Outside of the nonsensical urban tesseract known as the West Village, Manhattan's street grid system is famously simple: Avenues run north/south(ish), streets run east/west. A phrase like "5th Avenue and 33rd Street" isn't just an arbitrary address, it's a cartesian coordinate that can actually help you get to where you're going as well as recognize when you've gotten there. With a system this easy, it's hard not to wish the whole world used it. Harold Cooper's brilliant Google Maps mashup, ExtendNY, gives you an idea of what such a world would look like: Punch in any address or location on the globe, and it tells you what its NYC-style address is.
For example: My apartment in Brooklyn is near the imaginary corner of S. 46th Street and East 15th Avenue. And 10 Downing Street, the official residence of the United Kingdom's Prime Minister, is located at the intersection of 63,709th Street and East 10,894th Avenue. McMurdo Station in Antarctica? No problem: It's on South 60,313th between 74,277th and 74,278th Ave. (Why does the grid curve, when you zoom out? Geometry: Cooper is compensating for the fact that the map is flat while the Earth is actually curved. Thus, any street on the block traces an arc across the Earth's surface—the true "straight" line that you'd get if you were walking precisely due west or north, etc.)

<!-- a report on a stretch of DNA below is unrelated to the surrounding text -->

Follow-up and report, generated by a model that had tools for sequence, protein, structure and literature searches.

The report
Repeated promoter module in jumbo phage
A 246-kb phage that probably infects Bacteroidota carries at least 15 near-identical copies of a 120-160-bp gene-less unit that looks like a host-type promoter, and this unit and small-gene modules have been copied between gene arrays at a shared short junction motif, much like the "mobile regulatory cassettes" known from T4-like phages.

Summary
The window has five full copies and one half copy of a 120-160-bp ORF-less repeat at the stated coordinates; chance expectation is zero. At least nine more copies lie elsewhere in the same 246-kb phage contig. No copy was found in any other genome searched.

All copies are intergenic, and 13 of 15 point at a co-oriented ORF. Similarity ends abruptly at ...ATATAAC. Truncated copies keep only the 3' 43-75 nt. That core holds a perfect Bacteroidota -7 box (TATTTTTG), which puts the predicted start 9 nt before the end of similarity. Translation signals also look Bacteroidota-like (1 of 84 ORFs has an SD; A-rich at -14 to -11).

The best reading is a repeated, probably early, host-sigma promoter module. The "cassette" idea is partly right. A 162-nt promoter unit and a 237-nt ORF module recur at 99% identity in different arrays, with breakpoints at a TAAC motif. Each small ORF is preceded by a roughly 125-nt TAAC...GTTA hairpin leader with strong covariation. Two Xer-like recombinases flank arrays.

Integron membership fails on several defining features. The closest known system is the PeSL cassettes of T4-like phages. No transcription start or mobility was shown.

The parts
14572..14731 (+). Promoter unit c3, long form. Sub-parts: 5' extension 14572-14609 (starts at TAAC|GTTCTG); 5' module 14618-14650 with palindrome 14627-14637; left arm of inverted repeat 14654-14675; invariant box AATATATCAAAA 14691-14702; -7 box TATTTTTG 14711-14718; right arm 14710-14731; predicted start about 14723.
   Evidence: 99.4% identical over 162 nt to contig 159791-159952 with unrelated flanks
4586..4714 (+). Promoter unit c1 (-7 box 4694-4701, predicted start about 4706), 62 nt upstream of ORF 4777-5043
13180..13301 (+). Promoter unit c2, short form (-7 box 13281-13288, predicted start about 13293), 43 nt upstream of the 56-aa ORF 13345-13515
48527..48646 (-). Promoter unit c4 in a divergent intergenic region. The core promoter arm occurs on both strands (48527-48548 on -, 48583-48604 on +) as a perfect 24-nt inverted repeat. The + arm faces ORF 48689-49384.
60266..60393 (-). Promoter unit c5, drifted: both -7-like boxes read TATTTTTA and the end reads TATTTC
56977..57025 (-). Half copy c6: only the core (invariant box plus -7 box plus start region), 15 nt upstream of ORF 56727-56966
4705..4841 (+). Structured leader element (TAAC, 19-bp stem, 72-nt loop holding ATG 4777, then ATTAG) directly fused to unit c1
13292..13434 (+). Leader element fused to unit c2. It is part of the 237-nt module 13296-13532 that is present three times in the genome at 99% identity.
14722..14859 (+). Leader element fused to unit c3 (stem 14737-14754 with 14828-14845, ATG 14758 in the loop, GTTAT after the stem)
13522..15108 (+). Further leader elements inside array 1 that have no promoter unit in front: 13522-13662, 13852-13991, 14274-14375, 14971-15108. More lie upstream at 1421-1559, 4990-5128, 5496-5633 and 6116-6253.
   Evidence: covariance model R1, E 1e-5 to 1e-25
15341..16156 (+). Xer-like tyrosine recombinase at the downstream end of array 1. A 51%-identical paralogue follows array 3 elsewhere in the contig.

But before you think this is Cooper's interaction-design version of claiming New York as the center of the universe, try zooming into a depopulated area of eastern Uzbekistan on his map. Somewhere in there is the real center of the ExtendNY universe, where the grid system collapses in on itself like a black hole. (Hm, is there a Ray's Pizza on that block?)